Where power flows from one part of the network to another exceed the capability of the network across what we call ‘transmission boundaries’, one of two things need to happen.
Firstly, the System Operator might pay generators to reduce the energy they produce in one part of the country while paying others elsewhere to generate. These payments are called ‘constraint payments’. Balancing the network in this way can temporarily manage power flows where network capability is insufficient, but increases operation costs, as more expensive generation is brought on. This can be an economic way to manage the network up to a point, if constraint costs are not disproportionate. Where constraint costs are substantial, the network becomes uneconomic to operate. It then becomes necessary to invest in increasing network capability.
Transmission boundary B8 runs east to west, separating the northern generation zones including Scotland, Northern England and North Wales from the Midlands and southern demand centres. Across transmission boundary B8, the existing network can currently transport around 11.6 GW while remaining compliant with the standards the network is operated to.
Existing network capacity and demand in the Creyke Beck area
The existing network serving the Creyke Beck area can export just under 7 GW of electricity whilst remaining compliant with the Security and Quality of Supply Standards that the network is operated to. Whilst this has been sufficient until today, it is not sufficient to meet the power carrying capability that is required by the end of this decade and beyond.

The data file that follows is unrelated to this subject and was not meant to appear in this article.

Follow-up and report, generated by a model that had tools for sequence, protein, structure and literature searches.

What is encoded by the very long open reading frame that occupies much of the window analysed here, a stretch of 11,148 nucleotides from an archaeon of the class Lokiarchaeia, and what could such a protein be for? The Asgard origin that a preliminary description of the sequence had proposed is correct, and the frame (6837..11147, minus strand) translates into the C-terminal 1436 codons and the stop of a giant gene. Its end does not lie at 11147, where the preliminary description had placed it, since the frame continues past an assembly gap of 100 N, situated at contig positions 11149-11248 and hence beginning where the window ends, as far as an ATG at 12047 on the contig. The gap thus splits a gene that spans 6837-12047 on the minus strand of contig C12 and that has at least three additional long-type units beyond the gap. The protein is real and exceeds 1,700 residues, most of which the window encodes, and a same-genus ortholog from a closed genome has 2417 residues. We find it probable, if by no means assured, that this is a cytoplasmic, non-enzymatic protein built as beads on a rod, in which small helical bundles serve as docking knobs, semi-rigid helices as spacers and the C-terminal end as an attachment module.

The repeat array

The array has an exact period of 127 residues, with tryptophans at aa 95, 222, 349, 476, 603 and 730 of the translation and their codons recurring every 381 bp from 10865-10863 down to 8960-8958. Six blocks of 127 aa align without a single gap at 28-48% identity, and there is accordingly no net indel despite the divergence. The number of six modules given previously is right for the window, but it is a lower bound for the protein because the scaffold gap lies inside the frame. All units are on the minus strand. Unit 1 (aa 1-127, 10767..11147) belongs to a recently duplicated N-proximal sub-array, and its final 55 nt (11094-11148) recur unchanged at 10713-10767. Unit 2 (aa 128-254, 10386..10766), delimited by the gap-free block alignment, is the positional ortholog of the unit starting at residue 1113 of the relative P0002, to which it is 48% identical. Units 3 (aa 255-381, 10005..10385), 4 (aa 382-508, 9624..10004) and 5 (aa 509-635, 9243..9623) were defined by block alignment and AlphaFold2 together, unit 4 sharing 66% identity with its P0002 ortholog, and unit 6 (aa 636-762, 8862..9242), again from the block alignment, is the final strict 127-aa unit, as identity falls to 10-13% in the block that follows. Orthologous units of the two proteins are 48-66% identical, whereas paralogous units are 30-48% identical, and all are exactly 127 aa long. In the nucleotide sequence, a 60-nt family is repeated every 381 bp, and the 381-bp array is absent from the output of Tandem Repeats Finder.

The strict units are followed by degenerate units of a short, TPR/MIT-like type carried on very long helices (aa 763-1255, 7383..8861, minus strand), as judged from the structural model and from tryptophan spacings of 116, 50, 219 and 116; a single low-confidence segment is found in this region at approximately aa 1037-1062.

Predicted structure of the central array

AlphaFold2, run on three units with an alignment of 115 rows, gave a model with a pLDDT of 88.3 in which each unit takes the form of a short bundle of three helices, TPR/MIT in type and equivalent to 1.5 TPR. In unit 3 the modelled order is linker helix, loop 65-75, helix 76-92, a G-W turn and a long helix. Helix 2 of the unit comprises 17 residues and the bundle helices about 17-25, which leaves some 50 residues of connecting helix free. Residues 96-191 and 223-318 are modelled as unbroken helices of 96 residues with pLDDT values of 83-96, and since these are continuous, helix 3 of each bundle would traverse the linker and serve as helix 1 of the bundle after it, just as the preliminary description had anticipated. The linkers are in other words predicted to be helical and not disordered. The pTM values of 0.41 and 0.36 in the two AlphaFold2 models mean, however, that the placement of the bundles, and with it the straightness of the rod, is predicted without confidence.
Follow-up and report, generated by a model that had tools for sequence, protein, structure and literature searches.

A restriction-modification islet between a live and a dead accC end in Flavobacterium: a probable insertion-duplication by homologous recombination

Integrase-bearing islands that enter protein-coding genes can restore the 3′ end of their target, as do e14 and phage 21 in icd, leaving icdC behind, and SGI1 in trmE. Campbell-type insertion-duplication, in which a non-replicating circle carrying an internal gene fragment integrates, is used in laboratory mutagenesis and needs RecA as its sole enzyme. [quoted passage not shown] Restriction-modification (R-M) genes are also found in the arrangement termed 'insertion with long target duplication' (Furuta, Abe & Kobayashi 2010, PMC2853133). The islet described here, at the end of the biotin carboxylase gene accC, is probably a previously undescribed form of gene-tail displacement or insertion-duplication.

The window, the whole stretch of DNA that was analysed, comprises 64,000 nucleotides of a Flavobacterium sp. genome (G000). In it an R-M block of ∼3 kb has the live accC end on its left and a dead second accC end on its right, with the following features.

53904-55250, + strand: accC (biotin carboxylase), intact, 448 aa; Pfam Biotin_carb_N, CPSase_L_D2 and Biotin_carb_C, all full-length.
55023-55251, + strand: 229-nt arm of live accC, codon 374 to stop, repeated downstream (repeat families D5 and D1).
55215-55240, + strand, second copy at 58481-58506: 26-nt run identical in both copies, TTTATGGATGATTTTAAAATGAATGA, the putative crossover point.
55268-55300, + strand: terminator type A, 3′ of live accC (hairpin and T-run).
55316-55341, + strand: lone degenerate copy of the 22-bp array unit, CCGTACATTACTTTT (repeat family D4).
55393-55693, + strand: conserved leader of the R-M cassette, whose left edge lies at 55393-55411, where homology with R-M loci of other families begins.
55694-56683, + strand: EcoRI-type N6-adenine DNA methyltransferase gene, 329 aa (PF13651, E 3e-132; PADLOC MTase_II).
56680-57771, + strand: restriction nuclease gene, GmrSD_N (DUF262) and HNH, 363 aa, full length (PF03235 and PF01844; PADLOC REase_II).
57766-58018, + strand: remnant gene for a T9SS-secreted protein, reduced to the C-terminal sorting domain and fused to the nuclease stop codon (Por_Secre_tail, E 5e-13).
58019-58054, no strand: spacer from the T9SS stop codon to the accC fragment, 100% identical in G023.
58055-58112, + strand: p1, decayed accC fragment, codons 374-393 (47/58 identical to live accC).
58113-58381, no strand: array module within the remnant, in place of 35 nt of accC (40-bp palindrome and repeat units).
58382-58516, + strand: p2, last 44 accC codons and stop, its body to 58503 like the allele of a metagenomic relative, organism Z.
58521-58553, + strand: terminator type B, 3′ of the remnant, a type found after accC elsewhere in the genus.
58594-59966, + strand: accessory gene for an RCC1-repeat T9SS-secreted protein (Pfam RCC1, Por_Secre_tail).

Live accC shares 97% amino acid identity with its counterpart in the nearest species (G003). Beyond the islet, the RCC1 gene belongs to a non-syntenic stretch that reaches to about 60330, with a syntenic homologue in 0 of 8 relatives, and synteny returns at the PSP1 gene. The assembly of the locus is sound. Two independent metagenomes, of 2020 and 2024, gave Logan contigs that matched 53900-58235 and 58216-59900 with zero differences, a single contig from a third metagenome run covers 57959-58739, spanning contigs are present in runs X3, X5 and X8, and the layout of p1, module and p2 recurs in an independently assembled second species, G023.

Peak demand for electricity in the region in 2022 was 526.7 MW. Toward the end of the decade, electricity demand in the region is forecast to be higher than it is today, at around 585.7 MW in 2030 and 636.6 MW by 2032.
Future generation in the Creyke Beck area
As shown in the table below, there are a number of new sources of clean green energy contracted to connect in the Creyke Beck area in the next decade
With up to around 13 GW of contracted generation and interconnector capacity by the early 2030s, the network as it is today, notwithstanding local demand, would not have the capacity needed to export all that electricity out of the area across the B8 boundary. We therefore need to reinforce our network to prevent wider system failures and circuit overloads from happening.
When replacing the wires (conductors) on overhead lines, it is sometimes possible to do that with new ones that can carry more power and sometimes with wires that can be operated at a higher temperature allowing more power to be transported. That is what we are doing with the first two schemes. Power control devices are equipment that allow more power to be directed to flow along parts of the network that have some additional capacity.
While those works will increase the boundary transfer capability across boundary B8 to around 14 GW, they will not be sufficient to accommodate the north south power flows that are expected on the network. Up to around 29 GW of boundary transfer capability is needed by 2033 across the B8 boundary with increasing offshore wind and interconnectors.